Cramer's 'Mad Money' Recap: Why American Growth Stocks Rock
Cramer said that Peltz has taken an interest and turned around dozens of companies in the past, not the least of which were Wendy's (WEN) , Heinz (HNZ) , Tiffany (TIF) , Family Dollar (FDO) and Kraft Foods (KFT) .
If investors had followed Peltz' lead and invested in these names after it was announced that Peltz was involved, Cramer said, they would have gained on average 10% within the next three months, a return that solidly beats the averages during the same periods. That's why Peltz' recent 7.3% stake in the troubled Ingersoll-Rand (IR) should make investors take notice.
Cramer said that Ingersoll is levered to the rebound in housing and construction, making it far more attractive than it once was. Management has now tempered its outlook, making its targets attainable, something investors should reward. The stock is also cheap, trading at 12 times earnings, with a 12% long-term growth rate.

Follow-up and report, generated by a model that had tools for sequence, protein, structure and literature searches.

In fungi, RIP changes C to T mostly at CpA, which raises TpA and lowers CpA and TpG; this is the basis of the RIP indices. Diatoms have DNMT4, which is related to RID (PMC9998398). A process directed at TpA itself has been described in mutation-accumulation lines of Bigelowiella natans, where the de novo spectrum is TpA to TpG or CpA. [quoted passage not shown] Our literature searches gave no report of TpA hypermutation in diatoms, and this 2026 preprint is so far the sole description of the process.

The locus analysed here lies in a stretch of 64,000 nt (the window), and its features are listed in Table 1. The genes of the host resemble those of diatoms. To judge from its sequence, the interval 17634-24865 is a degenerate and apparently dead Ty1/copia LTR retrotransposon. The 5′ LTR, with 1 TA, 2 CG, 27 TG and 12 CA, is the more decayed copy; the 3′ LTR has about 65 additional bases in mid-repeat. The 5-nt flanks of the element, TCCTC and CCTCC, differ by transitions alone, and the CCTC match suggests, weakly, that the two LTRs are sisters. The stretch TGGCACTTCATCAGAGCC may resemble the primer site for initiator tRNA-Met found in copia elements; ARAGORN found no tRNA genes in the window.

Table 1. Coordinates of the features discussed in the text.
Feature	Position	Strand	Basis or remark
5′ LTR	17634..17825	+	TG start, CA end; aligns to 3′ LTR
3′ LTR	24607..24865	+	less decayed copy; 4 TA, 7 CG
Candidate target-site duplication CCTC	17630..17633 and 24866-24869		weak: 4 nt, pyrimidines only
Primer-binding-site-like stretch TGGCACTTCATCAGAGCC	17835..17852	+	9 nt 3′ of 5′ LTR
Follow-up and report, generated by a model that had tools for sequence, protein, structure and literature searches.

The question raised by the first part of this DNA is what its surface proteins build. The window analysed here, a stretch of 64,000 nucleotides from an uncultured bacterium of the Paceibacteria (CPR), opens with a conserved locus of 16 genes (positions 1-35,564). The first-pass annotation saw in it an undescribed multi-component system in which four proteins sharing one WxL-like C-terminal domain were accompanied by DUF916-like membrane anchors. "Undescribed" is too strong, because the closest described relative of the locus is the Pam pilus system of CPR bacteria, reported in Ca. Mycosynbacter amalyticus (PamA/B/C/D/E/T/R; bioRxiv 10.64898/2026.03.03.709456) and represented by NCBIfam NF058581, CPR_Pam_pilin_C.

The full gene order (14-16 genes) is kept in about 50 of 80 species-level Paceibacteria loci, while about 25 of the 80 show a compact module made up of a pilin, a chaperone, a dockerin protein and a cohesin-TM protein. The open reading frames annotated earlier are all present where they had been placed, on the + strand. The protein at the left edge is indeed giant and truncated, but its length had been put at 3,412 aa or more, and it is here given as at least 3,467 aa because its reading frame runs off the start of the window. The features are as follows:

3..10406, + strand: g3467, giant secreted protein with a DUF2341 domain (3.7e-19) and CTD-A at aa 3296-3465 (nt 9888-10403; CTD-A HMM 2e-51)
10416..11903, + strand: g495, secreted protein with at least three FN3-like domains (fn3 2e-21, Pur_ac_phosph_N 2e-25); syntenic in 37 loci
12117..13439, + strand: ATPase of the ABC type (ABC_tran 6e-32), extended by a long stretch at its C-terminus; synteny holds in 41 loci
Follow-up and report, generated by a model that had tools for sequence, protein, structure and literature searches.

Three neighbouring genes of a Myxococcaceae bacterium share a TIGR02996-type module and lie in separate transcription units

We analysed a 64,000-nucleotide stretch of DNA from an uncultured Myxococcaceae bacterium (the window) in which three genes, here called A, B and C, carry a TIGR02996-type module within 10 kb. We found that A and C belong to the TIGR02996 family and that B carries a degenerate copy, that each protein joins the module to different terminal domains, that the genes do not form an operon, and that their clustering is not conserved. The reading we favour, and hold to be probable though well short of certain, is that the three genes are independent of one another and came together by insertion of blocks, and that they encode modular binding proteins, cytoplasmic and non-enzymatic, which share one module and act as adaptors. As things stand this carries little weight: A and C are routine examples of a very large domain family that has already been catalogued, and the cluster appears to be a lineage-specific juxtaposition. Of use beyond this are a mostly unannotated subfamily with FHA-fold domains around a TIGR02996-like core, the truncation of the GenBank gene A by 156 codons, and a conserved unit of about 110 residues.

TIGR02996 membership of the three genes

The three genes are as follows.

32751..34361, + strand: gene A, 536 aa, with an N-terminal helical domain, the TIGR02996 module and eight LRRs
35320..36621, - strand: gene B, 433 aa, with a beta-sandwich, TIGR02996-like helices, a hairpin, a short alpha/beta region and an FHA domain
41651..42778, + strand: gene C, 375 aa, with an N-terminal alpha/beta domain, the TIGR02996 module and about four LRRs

But more important than Ingersoll's business is the possibility that Peltz can unlock value. This shouldn't be hard, said Cramer, as the parts of the company are easily worth 15% more than the current share price.
Facebook: Friend or FoeContinuing with his "Friend or Foe" series, looking into the coming IPO of Facebook, Cramer reiterated that "under no circumstance should you buy Facebook on Friday." He said that with the price range of the IPO heading higher, the chance of a first-day spike is almost assured, meaning there will most certainly be a better time to buy.
To illustrate his point, Cramer looked into the last 10 social media IPOs, companies that included Pandora (P) , Groupon (GRPN) , Zynga (ZNGA) and Yelp (YELP) . He said these IPOs were down an average of 18% since their debut and the odds are good that Facebook will follow suit, at least for a little while.
Only three of the past 10 IPOs have made investors money since their initial offering, noted Cramer, but even with those names, investors could have still made more money by being patient and waiting for a better entry point. LinkedIn (LNKD) , for example, saw its shares fall 30% from it's first-day high before stabilizing and eventually rebounding to make investors money.
Cramer said his bottom line is that no stock, not even a hot IPO, goes up in a straight line and there will always be a better time to buy than on Day 1.